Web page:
Music as the multicultural frontier | Renzo Spiteri

ERIC MONTFORT highlights Renzo Spiteri’s finest moments and interviews him about his new position as Artistic Director of Ghanafest

Renzo Spiteri
Renzo Spiteri

Ten years ago, I described Renzo Spiteri as “someone who creates mesmerising music whenever he performs”. His instrumental base is percussion, yet it has also been the point of departure for several projects, covering over a thousand concerts across a 25-year span. He has collaborated in projects which took him across the world and talents as diverse as N’fale Kouyate’ from Guinea, Mousse Ndaiye from Senegal, the great Trilok Gurtu from India, Mercan Dede from Turkey and Dan Moore from the USA. Spiteri’s music and his projects have crossed boundaries and redefined the so-called grey areas of various musical genres.

Now, he is also pursuing a new role. He has lately been appointed as Għanafest musical director. I believe that such a role will open new directions, though Spiteri is also quite at home with our local traditional and the more progressive, and indeed our own new folk movement. Spiteri and his music have been featured on MTV music channel and BBC radio stations, and as featured music in art exhibitions in Malta, Florence and Tokyo.

I caught up with Spiteri in between his very busy schedule. Most recently, he was very busy preparing for an inaugural concert for the European Graduate School at Fort St Elmo, Valletta. He seems to be reining in the strains gracefully, and remains as ever, forward-looking, calm and decisive.

As an Artistic Director, how did you face this new post?
This is a new venture for me, a challenge in some respect but I also see it as a progression to all that I have been involved in or created within my long musical career. The fact that I have been so intensely involved in various genres of music and travelled so much with different projects is an asset that brings with it a lot of knowledge and experience that I’m committed to channel into Għanafest Malta World Music Festival.

How do you look at Maltese folk music as an experimentalist?
My solo career has evolved in a way that I’ve become pretty much synonymous with what one might term as experimental. I do experiment with a lot of ideas and modes of expression and practice, and in the end I like to see the sounds that I create as a catalyst for an aural experience, where sound takes on another dimension, a journey. But that’s just one side of my musical identity.

I have also been involved, for many years and with so many different international and local artists, in the jazz, folk and world music circuit. I like to see the combination of these facets as a big plus when assessing the local folk scene from inside and out. So, for example, I do think that local folk musicians should be a bit more adventurous and seek to create collaborations and experiment with new forms. I do believe that when folk singers move a bit away from a certain comfort zone and start experimenting, new forms of expression are born – rooted in tradition but forward-thinking. I feel that with the very strong line-up of foreign artists that I’ve chosen for this year’s edition, this important element is surely to come out.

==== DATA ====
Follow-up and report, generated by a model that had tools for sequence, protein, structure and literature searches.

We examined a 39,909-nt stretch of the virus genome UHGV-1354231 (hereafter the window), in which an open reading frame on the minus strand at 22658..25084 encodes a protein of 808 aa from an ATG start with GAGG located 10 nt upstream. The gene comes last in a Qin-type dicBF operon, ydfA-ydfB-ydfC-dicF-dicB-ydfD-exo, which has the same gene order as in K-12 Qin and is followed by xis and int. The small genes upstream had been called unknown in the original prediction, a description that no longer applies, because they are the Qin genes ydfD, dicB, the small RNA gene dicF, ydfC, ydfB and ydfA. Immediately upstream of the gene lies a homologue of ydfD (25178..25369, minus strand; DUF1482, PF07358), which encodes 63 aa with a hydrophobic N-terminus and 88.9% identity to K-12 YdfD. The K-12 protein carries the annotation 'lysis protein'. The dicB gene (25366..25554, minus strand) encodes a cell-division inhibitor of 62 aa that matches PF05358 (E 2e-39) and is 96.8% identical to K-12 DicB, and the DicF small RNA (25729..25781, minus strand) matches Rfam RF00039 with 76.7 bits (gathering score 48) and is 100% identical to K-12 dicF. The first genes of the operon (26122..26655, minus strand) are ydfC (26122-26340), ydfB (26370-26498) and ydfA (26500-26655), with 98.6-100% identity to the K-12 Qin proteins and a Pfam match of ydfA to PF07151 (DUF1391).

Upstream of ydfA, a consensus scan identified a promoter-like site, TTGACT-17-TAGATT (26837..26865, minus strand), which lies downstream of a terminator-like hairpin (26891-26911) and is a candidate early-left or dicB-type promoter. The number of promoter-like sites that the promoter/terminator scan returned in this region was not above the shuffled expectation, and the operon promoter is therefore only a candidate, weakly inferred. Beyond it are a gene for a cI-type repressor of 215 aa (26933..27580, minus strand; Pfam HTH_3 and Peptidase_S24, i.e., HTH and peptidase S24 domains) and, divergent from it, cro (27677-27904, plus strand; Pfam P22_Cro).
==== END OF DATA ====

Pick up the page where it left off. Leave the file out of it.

How much do you think that Maltese performance has improved through Għanafest?
Għanafest has always served as a platform for Maltese folk singers and maltese singers/songwriters. The degree of commitment towards quality has always varied between different folk singers (għannejja). For those who do see Għanafest as an important date with concert goers, the festival has fulfilled one of its purposes – that of promoting an important aspect of our cultural identity through quality performances.

What is also significant to me is the fact that we have more local bands who are committed to using the Maltese language as their mode of lyrical expression. And Għanafest has to serve as a significant platform for these musicians and I would like to see more bands taking on this direction and make this festival a priority in their performance calendar.

Music has a huge influence on education. Your comments…
I would start off by saying that I would like to see music play a bigger role in our education system because, yes, it does have a major influence on education, on us as cultured beings. Education here is not limited to the classroom situations as some might perhaps see it. Music has the power to open our ears, eyes and minds to different cultures.

This is why I want people to see Għanafest as a multinational get-together, a feast of cultural diversity, where borders are non-existent. Let’s all absorb the different styles that we will be exposed to over a three-day period in June – with music from the African desert, Estonian rock-folk, our local folk singers, local artists fusing Indian elements and so much more. This, I believe, is part of our education too.   

You have been and are still being involved in quite a lot of creative projects. How much of a delicate balancing act can it be when it comes to find the time and creative resources in preparing for your projects and being an artistic director?
I am currently touring with my solo performance ‘Quintessence’. Next stop is Northern Ireland and then back to the UK to perform this work at the LSO St Lukes’s prestigious Jerwood Hall. I’m also part of a collective called Open Works Lab and we’re working in collaboration with Valletta 2018 on research and practice-based projects and I’ve also started working on a new music project, which is slowly but surely taking a very nice shape. It is a very delicate balance and it’s all about time-management. Thank goodness, nowadays one can do so much work online that I can be anywhere and still get a lot of work done, be it for my projects or artistic direction.

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